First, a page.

Neomi Rao, whom President Donald Trump nominated to replace Brett Kavanaugh on the U.S. Court of Appeals for the District of Columbia Circuit, wrote in a 1994 op-ed for The Yale Herald that “a good way to avoid a potential date rape is to stay reasonably sober.”
“If she drinks to the point where she can no longer choose, well, getting to that point was part of her choice,” Rao said at the time.
In her Senate Judiciary Committee hearing on Tuesday, she said she regretted writing the piece. But Cruz characterized her comments as “very good advice.”
“I have two daughters,” he said. “I certainly intend to give them the advice not to drink to excess. And it is unquestionably true that any student that drinks to the points of getting drunk and losing control risks being a victim, risks being vulnerable.”
Rao faces an uphill battle for the seat, and not just because of her comments on date rape. Critics have also questioned remarks she made about LGBT rights, race and climate change, as well as her efforts to help the Trump administration dismantle key regulations. As the head of the federal Office of Information and Regulatory Affairs, she has helped weaken or kill rules surrounding campus sexual assault, fair housing and climate change.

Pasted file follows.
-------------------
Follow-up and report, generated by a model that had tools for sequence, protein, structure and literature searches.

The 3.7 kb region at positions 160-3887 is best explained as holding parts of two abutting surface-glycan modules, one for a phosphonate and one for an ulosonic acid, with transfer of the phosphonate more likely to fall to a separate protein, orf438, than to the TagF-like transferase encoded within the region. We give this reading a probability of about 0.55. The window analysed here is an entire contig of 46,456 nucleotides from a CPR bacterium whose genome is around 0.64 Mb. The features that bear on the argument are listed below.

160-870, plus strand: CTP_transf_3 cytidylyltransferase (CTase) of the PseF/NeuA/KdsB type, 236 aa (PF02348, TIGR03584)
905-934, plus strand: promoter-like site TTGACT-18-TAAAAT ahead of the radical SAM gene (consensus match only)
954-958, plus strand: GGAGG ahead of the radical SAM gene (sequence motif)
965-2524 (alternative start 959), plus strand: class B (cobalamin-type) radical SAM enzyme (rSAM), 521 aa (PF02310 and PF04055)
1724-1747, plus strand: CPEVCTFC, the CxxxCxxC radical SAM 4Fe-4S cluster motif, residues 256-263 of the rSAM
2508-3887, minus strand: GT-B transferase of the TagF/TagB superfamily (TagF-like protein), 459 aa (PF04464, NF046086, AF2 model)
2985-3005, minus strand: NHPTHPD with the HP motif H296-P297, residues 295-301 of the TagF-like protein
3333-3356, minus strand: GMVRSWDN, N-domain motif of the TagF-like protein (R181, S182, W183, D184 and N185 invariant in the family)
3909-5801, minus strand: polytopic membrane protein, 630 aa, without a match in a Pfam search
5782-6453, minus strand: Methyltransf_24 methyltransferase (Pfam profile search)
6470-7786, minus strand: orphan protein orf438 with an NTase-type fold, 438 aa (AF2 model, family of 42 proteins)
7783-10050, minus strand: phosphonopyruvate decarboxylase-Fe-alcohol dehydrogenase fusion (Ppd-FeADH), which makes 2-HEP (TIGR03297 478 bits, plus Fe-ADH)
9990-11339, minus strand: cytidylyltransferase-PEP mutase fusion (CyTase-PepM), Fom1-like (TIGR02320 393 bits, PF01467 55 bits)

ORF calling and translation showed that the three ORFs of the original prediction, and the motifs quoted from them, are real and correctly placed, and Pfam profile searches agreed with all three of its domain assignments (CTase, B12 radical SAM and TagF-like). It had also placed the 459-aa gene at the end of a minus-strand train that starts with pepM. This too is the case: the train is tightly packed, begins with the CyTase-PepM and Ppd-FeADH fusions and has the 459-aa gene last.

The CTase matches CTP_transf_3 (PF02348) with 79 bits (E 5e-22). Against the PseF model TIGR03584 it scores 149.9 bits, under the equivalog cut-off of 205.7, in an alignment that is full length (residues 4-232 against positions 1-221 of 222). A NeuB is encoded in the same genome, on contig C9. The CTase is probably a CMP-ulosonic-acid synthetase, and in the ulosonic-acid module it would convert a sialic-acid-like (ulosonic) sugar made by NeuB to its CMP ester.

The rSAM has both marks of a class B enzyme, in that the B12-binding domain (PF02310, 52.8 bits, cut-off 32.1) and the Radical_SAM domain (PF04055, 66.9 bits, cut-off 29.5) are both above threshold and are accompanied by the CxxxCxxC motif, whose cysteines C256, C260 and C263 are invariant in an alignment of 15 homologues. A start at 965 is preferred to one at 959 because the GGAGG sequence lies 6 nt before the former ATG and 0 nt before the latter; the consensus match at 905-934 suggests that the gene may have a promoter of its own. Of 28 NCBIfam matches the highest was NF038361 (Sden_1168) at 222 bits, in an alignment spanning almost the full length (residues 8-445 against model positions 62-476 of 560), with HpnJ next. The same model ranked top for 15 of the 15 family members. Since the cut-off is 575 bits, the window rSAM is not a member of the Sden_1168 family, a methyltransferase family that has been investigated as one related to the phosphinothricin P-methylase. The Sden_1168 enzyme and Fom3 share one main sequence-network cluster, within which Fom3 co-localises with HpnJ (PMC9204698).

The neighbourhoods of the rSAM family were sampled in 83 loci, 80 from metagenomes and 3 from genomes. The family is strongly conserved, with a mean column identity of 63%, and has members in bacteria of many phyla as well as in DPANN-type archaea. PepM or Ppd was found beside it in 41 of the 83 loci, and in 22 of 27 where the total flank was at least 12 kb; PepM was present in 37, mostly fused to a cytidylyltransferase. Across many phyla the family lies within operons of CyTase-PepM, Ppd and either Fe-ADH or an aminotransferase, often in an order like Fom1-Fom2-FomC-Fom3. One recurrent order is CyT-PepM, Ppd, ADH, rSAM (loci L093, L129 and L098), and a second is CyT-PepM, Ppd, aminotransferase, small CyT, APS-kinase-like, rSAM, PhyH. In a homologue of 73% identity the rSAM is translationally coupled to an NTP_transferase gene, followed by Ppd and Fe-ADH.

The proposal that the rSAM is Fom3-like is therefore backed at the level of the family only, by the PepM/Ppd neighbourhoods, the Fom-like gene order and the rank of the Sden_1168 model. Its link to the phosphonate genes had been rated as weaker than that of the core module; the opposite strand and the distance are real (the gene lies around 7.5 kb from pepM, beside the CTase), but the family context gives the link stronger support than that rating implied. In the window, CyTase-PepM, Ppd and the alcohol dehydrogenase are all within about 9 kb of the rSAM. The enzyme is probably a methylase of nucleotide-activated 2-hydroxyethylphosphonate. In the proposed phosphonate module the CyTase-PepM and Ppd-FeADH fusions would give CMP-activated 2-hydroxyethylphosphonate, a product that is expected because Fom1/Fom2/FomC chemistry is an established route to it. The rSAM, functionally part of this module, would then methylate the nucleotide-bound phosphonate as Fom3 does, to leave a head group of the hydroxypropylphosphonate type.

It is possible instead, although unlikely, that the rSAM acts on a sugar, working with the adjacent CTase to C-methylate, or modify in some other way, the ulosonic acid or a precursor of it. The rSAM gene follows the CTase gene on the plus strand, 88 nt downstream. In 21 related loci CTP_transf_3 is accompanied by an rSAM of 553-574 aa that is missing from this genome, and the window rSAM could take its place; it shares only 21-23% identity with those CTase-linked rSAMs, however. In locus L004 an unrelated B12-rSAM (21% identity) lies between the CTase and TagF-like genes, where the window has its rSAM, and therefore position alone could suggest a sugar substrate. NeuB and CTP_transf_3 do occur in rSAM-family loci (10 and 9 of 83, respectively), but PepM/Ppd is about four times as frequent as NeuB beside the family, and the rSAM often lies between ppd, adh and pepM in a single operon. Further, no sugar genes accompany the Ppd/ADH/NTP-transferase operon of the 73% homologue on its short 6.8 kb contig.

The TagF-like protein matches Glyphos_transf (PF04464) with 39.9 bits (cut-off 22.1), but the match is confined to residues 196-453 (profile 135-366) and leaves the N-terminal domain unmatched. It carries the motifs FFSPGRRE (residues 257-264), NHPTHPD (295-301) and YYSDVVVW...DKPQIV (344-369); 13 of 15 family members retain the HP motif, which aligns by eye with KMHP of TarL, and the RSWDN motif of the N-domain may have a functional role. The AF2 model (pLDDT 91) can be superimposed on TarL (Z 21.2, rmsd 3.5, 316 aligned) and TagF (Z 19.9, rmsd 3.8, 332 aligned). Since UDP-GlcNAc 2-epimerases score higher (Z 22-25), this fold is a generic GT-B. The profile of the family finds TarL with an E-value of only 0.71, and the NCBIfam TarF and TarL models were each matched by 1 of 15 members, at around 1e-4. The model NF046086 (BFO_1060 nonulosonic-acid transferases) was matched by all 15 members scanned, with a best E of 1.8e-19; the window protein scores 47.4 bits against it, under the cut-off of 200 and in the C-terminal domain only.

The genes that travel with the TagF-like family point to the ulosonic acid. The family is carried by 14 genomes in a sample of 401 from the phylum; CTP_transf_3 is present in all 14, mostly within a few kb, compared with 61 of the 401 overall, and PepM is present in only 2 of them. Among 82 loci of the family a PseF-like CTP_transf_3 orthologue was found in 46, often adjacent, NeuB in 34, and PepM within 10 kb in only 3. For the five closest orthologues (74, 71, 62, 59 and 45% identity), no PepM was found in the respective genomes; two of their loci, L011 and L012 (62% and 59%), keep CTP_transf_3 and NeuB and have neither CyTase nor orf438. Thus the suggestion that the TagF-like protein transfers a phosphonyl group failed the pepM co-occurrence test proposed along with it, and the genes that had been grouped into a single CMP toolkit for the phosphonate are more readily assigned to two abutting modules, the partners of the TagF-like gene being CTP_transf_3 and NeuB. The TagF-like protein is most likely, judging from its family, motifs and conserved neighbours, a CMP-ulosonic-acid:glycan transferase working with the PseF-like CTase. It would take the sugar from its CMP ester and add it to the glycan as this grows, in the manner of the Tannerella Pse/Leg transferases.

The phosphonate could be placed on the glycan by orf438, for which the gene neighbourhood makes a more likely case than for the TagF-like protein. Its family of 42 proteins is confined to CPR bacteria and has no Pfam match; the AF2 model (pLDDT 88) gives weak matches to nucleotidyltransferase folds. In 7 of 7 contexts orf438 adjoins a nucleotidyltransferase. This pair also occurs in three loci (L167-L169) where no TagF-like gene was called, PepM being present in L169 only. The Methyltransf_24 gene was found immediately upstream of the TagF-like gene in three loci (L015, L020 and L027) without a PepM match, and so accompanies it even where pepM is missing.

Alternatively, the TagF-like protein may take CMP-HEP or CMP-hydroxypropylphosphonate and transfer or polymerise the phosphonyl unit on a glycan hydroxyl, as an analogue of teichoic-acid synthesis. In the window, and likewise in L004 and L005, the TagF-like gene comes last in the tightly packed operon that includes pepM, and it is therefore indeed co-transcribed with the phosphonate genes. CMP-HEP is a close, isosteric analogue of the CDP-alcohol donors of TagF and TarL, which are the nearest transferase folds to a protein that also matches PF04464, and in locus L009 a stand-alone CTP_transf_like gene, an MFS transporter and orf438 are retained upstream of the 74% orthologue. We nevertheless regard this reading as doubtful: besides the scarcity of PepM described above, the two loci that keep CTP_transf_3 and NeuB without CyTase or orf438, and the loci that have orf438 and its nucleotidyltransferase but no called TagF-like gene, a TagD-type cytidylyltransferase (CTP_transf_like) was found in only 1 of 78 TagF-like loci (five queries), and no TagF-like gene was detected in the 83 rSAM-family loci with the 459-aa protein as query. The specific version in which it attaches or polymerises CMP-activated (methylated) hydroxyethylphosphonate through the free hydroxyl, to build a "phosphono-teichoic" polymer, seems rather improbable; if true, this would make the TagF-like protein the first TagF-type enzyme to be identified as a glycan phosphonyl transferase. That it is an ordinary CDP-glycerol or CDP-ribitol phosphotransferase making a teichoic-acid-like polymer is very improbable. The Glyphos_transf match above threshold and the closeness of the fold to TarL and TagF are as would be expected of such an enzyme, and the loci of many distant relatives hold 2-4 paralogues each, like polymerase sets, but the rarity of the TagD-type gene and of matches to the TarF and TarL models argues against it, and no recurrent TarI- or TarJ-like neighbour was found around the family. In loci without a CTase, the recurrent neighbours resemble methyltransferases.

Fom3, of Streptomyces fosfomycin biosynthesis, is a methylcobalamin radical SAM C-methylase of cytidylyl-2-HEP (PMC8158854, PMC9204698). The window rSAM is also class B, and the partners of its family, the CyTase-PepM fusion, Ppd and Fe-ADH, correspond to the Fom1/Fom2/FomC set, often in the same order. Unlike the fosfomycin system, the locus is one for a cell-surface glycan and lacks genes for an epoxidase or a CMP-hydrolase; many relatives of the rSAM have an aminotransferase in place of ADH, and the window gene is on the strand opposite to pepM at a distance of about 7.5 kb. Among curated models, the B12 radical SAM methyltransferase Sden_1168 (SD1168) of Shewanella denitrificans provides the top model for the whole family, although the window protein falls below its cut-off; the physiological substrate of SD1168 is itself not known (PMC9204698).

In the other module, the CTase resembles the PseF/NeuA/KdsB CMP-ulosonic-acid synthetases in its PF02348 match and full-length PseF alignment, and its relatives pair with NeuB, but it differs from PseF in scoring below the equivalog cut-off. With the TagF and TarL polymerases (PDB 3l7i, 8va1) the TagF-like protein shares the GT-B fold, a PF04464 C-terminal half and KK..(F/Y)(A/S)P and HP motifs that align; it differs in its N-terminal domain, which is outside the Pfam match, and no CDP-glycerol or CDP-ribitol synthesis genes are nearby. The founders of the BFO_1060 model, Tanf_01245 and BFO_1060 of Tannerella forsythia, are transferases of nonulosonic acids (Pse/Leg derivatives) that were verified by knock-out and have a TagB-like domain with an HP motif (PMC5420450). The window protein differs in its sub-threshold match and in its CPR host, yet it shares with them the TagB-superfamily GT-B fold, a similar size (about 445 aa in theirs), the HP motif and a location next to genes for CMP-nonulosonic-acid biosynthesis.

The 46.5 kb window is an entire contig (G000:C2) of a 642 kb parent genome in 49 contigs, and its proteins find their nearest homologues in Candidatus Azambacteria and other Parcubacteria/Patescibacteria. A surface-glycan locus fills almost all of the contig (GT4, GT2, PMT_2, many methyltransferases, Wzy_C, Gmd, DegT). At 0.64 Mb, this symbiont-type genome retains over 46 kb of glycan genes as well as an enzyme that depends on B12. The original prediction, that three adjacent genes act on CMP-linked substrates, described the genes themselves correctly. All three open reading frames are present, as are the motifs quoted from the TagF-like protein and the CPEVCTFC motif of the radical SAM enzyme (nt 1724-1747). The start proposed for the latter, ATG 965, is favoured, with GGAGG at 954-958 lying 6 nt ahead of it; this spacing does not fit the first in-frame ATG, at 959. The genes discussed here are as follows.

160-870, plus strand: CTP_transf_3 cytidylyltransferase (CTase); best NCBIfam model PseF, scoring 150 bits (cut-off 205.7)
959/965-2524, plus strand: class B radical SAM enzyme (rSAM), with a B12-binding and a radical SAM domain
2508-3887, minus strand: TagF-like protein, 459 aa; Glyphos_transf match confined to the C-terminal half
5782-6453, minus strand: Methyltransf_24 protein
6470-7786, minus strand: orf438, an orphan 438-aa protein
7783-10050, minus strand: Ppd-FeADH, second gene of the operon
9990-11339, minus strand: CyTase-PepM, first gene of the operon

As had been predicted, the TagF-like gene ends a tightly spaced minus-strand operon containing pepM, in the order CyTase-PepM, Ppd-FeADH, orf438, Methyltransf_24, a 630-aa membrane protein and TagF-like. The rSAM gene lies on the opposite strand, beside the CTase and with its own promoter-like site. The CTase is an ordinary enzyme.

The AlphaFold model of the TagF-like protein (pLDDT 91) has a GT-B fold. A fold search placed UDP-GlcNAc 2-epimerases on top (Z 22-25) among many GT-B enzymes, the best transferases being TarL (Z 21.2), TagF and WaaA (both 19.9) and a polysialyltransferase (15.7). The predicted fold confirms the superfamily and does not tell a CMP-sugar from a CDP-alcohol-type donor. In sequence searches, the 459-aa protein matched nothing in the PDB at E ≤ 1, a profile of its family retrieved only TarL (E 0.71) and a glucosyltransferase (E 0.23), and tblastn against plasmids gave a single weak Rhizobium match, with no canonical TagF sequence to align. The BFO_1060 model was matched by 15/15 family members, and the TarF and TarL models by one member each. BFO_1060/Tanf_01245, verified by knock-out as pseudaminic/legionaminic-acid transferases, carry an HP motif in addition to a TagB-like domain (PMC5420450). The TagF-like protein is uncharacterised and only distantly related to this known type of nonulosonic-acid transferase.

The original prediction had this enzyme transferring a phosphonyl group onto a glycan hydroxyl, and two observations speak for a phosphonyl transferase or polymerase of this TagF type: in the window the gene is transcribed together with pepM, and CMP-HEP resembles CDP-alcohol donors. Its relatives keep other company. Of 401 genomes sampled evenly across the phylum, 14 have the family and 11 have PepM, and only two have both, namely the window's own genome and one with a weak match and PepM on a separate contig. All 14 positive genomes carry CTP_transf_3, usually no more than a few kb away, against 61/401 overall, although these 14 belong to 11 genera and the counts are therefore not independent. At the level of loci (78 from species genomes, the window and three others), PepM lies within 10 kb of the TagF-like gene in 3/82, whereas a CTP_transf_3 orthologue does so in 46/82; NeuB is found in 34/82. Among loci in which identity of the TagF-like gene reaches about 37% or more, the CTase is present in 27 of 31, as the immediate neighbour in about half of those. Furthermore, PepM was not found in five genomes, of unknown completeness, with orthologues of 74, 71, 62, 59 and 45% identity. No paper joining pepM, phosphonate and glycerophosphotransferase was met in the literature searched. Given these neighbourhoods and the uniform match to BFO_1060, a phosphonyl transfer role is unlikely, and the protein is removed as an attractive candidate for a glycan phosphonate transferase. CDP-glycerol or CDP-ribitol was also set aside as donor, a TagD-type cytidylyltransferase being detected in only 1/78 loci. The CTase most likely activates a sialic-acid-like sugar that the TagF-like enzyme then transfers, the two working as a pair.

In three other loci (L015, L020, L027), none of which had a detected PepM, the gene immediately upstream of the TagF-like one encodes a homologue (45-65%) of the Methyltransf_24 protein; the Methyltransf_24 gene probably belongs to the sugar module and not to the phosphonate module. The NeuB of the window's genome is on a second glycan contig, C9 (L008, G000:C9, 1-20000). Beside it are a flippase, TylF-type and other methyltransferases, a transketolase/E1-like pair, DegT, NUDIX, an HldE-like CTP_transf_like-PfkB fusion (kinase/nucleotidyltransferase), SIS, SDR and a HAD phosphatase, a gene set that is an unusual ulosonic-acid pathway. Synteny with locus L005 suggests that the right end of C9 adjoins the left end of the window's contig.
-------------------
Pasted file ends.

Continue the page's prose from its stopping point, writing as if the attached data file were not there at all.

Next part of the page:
Her record on sexual assault will no doubt evoke comparisons to her predecessor Kavanaugh, whose Supreme Court nomination was nearly scuttled after he was accused of sexual assaulting Christine Blasey Ford decades ago while drunk. Republicans vigorously defended him by downplaying his extensive history of heavy drinking and questioning her account.